Our first Prestige issue is a real cracker. I'm a bit of a sucker for these occasional tales of Clark Kent discovering and coming to terms with his powers and what they mean, and this is a great story built around these themes. The conversations between Clark and the Rhana really help Clark define his own morality, and the page where Clark comes to terms with his powers and thinks about all the people who have helped define him, from Ma Kent to the Smallville pastor, all the way through to the Rhana is a wonderful moment of realisation for Clark. I really enjoyed the moment when Clark discovers that he is bullet-proof - he throws himself in the path of the bullets probably expecting to die, and when he survives he mutters 'Cool' underneath his breath

Terri is a great supporting character, and it's a shame that the story doesn't allow her to appear beyond this issue. Like the best of Clark's romances, Terri sees Clark as an equal, despite his powers. She never takes his unerring ability to save her for granted, and is unselfish enough to part company with him at the end, recognising his worth to world far outweighs his worth to Bhutran. Her journey nicely mirrors Clark's - both are lost and unsure of their place in the world at the start, but by then end, through each other's company and influence, they have accepted their place and are happy with their decisions.

This book is unusually political for a Superman book. Whilst certain plots have used international conflict as a backdrop for stories, most recently in Greg Rucka's run in Adventures of Superman, where the conflict in Umec was used as a parallel for Iraq/Afghanistan, it is rare that the story adopts a moral position on the conflict. Here, the Chinese government and their actions towards Tibet (thinly disguised as Bhutran) is clearly defined as being in the wrong. There is no attempt to provide an alternate viewpoint; the Chinese are as much the bad guys as the Kobra terrorists featured in the framing sequence. Considering the target audience of the book more than likely don't know very much about the situation in Tibet, it's probably not a bad thing, and any attempt to try and justify the Chinese point of view in Tibet is going to be forced and uncomfortable to read. In most cases, a balanced viewpoint is always more preferable to the writer taking one side over another; this issue is more than welcome to be an exception to that rule.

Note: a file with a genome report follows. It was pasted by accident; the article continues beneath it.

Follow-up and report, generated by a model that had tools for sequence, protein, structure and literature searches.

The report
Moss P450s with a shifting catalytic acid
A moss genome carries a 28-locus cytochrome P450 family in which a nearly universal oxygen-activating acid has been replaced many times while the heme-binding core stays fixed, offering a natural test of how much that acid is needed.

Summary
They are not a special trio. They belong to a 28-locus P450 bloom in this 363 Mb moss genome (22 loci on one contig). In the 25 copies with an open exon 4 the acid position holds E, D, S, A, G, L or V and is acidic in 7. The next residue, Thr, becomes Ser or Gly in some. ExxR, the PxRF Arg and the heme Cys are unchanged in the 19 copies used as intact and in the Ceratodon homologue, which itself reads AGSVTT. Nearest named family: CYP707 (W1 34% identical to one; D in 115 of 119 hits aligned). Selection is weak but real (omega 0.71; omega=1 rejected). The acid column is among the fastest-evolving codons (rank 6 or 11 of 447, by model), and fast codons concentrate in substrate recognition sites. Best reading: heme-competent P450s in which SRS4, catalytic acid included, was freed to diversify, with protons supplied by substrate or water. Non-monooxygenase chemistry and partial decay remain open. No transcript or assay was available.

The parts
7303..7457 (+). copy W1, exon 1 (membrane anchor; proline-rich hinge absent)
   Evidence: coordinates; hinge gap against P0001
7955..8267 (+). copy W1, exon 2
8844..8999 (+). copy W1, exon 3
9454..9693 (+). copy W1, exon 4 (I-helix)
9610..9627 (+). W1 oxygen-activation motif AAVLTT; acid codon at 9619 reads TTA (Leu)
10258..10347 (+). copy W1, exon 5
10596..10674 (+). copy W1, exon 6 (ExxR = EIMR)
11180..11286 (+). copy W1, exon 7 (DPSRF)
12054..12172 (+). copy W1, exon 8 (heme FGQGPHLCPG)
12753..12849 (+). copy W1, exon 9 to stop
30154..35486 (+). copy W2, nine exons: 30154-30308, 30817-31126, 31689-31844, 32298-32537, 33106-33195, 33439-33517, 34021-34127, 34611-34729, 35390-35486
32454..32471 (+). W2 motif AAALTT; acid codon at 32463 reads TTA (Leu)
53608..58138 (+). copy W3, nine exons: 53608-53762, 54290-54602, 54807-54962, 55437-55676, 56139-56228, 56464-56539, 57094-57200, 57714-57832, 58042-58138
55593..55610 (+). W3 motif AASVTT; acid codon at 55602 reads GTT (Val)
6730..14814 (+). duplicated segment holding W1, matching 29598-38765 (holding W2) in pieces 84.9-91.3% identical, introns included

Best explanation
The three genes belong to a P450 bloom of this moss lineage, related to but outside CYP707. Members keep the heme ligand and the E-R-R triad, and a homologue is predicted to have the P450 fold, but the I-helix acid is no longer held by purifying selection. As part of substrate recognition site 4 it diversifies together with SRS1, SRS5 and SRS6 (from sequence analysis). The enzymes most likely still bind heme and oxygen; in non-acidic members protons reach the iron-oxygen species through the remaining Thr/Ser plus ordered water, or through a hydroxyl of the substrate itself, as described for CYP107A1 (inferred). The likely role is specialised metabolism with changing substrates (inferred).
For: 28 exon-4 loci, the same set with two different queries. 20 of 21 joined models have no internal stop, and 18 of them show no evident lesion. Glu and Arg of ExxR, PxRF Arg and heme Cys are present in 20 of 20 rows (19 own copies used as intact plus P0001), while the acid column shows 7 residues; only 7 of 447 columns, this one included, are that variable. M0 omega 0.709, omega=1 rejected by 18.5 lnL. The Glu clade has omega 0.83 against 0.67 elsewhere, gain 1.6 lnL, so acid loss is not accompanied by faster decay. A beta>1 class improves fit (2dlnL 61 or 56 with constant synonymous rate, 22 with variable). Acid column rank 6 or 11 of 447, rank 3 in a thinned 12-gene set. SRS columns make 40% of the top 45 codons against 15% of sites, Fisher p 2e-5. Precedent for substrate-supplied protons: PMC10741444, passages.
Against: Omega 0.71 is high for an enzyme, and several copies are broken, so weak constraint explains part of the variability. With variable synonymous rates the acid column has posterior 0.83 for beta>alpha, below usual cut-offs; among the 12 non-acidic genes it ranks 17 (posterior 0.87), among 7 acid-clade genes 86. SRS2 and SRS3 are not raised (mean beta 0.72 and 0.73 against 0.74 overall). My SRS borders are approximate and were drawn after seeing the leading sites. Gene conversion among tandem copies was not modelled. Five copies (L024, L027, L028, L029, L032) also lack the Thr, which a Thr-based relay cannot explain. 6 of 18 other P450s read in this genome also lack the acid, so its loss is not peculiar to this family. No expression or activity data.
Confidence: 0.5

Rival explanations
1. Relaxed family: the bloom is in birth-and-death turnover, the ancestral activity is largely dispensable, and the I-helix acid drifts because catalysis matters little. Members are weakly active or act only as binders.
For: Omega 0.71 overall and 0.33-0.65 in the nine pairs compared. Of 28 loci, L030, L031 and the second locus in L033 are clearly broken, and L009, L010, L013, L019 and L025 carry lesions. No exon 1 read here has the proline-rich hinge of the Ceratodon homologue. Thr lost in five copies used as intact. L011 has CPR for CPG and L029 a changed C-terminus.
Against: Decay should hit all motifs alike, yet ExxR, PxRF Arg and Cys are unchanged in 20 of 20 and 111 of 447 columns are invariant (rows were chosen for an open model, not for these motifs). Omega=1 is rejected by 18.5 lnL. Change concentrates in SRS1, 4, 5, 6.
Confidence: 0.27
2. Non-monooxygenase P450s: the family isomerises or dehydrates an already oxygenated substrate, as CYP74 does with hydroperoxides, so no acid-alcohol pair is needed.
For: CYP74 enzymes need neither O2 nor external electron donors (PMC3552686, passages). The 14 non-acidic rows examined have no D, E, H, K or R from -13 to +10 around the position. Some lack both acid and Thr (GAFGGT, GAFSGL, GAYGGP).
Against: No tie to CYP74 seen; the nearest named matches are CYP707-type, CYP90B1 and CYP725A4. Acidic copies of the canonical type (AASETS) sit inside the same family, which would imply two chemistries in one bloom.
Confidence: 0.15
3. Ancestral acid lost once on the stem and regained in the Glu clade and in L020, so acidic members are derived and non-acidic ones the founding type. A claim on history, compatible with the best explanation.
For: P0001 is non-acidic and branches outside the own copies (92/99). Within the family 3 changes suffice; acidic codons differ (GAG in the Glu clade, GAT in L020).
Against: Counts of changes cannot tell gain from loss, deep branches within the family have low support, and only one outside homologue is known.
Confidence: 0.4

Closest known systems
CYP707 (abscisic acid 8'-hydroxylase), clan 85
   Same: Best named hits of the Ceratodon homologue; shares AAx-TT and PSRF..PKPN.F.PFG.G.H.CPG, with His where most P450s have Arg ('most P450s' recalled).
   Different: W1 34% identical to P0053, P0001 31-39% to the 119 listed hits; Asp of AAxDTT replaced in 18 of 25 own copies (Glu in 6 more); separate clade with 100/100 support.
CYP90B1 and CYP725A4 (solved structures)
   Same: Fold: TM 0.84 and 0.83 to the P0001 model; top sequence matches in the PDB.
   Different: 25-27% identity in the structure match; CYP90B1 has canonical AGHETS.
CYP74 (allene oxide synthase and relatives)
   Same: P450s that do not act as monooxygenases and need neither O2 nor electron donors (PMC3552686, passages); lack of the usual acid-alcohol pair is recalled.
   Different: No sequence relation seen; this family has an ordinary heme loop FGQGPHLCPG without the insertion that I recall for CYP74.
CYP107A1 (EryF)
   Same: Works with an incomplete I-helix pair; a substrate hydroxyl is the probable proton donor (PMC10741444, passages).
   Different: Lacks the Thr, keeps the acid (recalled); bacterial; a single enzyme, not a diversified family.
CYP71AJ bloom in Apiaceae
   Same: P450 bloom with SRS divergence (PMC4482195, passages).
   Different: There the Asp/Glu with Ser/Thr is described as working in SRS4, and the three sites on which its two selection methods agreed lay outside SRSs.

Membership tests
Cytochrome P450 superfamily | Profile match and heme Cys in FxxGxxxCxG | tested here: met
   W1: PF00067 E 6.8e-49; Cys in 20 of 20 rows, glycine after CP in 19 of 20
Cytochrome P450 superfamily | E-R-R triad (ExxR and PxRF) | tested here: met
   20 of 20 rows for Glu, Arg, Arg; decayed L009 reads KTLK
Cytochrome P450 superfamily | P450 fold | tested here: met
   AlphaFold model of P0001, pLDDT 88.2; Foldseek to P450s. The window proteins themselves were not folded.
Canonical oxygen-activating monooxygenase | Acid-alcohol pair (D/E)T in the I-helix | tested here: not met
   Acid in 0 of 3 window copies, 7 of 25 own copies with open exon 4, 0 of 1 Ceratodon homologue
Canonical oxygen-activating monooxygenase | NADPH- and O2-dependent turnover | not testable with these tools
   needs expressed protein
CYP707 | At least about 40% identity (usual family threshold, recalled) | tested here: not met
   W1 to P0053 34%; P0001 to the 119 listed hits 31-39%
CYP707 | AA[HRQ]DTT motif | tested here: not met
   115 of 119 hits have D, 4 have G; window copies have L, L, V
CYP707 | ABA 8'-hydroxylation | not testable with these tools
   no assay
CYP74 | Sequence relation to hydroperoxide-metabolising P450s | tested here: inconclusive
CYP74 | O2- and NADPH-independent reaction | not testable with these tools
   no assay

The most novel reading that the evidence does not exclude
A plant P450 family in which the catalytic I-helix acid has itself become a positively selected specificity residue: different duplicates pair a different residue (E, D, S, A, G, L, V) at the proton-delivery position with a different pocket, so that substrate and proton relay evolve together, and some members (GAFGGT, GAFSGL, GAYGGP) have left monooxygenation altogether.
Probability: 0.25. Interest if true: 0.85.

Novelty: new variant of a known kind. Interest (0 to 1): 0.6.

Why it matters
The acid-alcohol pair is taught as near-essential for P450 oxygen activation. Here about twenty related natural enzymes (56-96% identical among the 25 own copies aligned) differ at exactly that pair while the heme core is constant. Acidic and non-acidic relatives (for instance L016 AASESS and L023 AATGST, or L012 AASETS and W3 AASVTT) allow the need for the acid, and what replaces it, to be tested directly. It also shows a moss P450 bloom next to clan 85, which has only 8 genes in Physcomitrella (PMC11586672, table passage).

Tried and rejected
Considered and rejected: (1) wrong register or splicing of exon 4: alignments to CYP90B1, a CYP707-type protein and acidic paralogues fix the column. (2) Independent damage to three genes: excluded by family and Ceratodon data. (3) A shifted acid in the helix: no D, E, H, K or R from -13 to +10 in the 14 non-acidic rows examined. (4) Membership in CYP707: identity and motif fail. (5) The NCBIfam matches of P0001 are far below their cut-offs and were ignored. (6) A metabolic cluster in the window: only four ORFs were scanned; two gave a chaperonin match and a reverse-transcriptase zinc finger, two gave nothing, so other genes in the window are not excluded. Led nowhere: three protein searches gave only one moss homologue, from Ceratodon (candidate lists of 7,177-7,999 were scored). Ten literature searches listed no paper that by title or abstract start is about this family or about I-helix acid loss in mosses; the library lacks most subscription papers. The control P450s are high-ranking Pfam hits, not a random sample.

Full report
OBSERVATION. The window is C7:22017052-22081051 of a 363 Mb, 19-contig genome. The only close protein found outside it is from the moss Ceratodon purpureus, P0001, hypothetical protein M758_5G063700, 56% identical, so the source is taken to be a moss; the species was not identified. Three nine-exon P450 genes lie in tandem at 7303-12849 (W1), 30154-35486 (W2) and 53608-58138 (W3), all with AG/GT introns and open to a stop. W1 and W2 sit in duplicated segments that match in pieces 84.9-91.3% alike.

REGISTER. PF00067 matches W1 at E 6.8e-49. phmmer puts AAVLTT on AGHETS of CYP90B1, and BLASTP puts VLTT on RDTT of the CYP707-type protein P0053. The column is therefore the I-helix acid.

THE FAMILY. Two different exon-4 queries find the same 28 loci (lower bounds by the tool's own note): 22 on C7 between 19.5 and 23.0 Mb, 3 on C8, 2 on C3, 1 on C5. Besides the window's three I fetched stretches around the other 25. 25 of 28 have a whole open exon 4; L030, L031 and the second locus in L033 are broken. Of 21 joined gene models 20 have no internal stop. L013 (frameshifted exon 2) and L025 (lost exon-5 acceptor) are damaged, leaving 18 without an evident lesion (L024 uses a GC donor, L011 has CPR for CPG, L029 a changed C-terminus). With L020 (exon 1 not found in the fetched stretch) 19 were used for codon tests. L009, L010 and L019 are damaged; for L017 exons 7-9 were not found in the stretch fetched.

For most writers, the life of Clark Kent stops after High School and starts again at the Daily Planet. This issue is a very welcome exploration into the gap and what turned Clark into Superman.

The Geeky Bits:

Estimated Diamond Pre-Orders: 26,854
Diamond Sales Chart Position: 101
Best-Selling Comic Of The Month: Uncanny X-Men #370

Next on World of Superman: A short break from the scheduled programming to take a look at why Superman needed to rebooted in 1986.

Saturday, 3 April 2010

The World of Metropolis #4

Ok, so this is a slight cheat. This issue actually takes place between The Man of Steel #2 and The Man of Steel #3; the flashback scenes in the Daily Planet take place a year after Clark Kent scoops Lois at the end of MoS#2. However, a lot is going to happen in terms of this blog before we get a year after MoS#2, so for the sake of coherency and to put the World of Metropolis miniseries behind us, I'm bringing it forward. After all, it fits thematically, if not chonologically...

What the hell; my blog, my rules! :)

Friends In Need

Story: John Byrne
Pencils: Win Mortimer
Inks: Dick Giordiano & Sal Trapani
Letterer: Albert de Guzman
Colorist: Tom Ziuko
Assistant Editor: Renee Witterstaeter
Editor: Mike Carlin
Cover: John Byrne
Cover Date: November 1988
Release Date: 12/07/1988